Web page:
THE timing of the ACT government's decision to shut the Narrabundah Velodrome, pictured, because of safety concerns seems curious, given the same issues with the track have existed since its construction in 1972. The angle of the banks on the velodrome were always wrong, often causing bikes to become airborne at the turns when they were at top speed. ACT Academy of Sport cycling coach Glenn Doney said the Canberra Cycling Club was proactive and sought an independent engineer and former cyclist to examine the track in January this year, quoting $150,000 to fix the problem areas and another $50,000 to install lighting. That was presented to the ACT government for consideration, which inadvertently resulted in the track being shut down on Friday - indefinitely. Not since the very early days, when there were crashes galore, has the track been used for interstate racing. Safety standards are also in place, with ACT riders needing approval by accredited coaches before being allowed to train on the track. The closure has caused chaos for riders such as Nathan Hart and Bec Wiasak, who are pushing for selection for next year's world championships and Commonwealth Games. There are flat outdoor velodromes at Queanbeyan and Goulburn, but neither are appropriate for elite training. Meanwhile, ACTAS is exploring the possibility of taking their team of eight cyclists to the nearest indoor velodrome in Bankstown, Sydney, on a weekly basis for training.
Capitals rev search engines to replace Ardossi
THE Canberra Capitals were already on the search for some tall timber to replace Lauren Jackson, who never got on court last season because of injury. Now it appears they need to find a replacement for their Most Valuable Player from last season too, Brigitte Ardossi, pictured. The Capitals would like to keep Ardossi, who is currently playing with Victorian side Waverley, but don't believe they'll be able to match the money she'll be offered elsewhere. Ardossi was at the centre of a controversy last year when the Capitals handed her a three-match internal ban after she was given an unsportsmanlike foul for tripping Townsville's Rachael Flanagan. The Capitals are chasing aggressively the likes of Elyse Penaluna, Cayla Francis and Carley Mijovic, so stay tuned for announcements.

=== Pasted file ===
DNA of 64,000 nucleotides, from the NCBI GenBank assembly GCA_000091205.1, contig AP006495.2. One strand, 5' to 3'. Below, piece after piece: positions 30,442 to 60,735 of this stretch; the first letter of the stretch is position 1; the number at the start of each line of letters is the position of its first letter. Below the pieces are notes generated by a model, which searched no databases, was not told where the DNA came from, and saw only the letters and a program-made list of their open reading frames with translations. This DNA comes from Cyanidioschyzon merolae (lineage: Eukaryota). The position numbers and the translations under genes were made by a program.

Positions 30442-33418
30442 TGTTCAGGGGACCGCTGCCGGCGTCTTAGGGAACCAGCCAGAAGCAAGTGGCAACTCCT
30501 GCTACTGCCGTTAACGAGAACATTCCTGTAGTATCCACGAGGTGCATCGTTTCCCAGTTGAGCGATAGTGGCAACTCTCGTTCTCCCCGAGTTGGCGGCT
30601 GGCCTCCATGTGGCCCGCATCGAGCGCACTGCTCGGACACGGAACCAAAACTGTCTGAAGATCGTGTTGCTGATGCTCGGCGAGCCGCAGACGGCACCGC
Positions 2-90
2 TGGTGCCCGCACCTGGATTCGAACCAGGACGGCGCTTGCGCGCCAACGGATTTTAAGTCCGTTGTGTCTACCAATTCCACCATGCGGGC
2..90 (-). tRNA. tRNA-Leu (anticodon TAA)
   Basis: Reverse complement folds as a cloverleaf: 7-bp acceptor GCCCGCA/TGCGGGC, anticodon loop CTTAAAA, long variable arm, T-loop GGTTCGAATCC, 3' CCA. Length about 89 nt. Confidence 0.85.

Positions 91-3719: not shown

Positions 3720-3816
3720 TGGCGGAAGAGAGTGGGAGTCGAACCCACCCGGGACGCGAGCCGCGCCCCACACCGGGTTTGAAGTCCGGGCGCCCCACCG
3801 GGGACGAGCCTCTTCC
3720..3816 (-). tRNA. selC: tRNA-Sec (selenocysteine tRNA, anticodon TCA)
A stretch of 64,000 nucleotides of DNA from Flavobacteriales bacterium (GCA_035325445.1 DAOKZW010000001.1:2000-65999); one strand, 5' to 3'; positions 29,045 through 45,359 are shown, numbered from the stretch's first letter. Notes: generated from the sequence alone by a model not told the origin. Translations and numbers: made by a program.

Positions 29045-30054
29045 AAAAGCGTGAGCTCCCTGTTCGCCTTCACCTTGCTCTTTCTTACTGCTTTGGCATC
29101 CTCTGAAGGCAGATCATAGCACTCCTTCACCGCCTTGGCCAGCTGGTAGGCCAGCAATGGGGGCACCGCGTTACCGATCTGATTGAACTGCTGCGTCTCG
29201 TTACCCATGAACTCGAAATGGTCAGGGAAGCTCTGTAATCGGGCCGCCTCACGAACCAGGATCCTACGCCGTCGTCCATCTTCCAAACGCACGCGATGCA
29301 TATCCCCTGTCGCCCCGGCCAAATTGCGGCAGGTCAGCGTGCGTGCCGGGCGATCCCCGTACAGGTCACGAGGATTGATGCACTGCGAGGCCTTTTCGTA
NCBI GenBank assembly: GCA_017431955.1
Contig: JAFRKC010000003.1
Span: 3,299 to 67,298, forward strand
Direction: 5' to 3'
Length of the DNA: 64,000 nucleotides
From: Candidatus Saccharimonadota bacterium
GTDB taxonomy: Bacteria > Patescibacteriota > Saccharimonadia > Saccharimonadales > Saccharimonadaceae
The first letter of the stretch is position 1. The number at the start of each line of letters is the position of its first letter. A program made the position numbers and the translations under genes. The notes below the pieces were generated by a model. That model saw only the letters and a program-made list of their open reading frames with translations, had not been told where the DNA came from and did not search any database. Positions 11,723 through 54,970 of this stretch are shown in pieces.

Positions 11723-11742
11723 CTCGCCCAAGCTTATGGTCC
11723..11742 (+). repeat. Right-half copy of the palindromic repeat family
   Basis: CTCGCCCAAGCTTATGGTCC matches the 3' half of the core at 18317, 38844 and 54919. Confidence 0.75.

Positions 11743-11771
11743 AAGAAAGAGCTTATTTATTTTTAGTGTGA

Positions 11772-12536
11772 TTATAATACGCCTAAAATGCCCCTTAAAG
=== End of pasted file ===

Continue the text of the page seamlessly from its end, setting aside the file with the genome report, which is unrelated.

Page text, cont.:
Jonny would be good
BRUMBIES flanker George Smith has the tick of approval from his Japanese club to make a comeback for the Wallabies, but could we see the return of another great for the British and Irish Lions? England's Jonny Wilkinson, who landed the extra-time drop-goal that gave England victory over Australia in the 2003 World Cup final, has said it would be hard to turn down one final chance to take on the Wallabies if selected for the Lions tour of Australia. Wilkinson retired from England duty two years ago but many believe the 33-year-old's form warrants selection for the Lions. The only drawback could be that Wilkinson's French club, Toulon, is a possibility to make the final of the French domestic competition on June 1 - the same day the Lions begin their tour. The Lions play the Brumbies at Canberra Stadium on June 18.
Paddles for pedals
SHE rowed for Australia at the Sydney 2000 Olympics, now Canberra's Kerry Knowler has her sights set on the Paralympics in Rio in 2016. Knowler has swapped the paddles (OK, not technically correct) for pedals, teaming with visually impaired athlete Brandie O'Connor to compete in para-cycling. They are waiting nervously to discover whether they have qualified for the 2014 World Para-Championships. The pair won the road race at the national championships, but got a flat tyre in the time trial. Knowler was back in a boat on Lake Burley Griffin on Saturday, however, claiming a silver medal with the ACT women's eight crew at the Australian Masters Rowing Regatta. The event attracted a record 1076 athletes, including 15 Olympians, from Australian, New Zealand and the US.
Good as goals
EVERYONE has a different pre-wedding ritual. For Canberra City goalkeeper James Ward, it involved standing between the posts less than 24 hours before he walked down the aisle. City's National Premier League match with Canberra FC was moved to Friday night to allow Ward and several teammates to take part. Unfortunately they couldn't come up with the fitting result, going down 4-0 to Canberra FC. Still on goalkeepers, Woden Valley was so short they called on 46-year-old president John Helgesen to take the gloves for their NPL 20s team last weekend. Helgesen showed he's still got it, winning the man of the match to lead Woden to victory.
Par for course
CANBERRA golfer Brendan Jones , 38, has openly said he'd like to retire by 40. But maybe he'd like to reconsider after watching 66-year-old Masashi Ozaki's superb first round nine-under 62 at the Japan Tour's Tsuruya Open. Ozaki, known as ''Jumbo'', boasts more Japan Tour titles than any other golfer and was inducted into the World Golf Hall of Fame in 2011. ''Shooting my age is not something I try to do,'' Ozaki said. ''But if you can't shoot 6 under or 7 under when you play good golf, you don't belong on the tour.'' For the record, Jones opened with a five-under.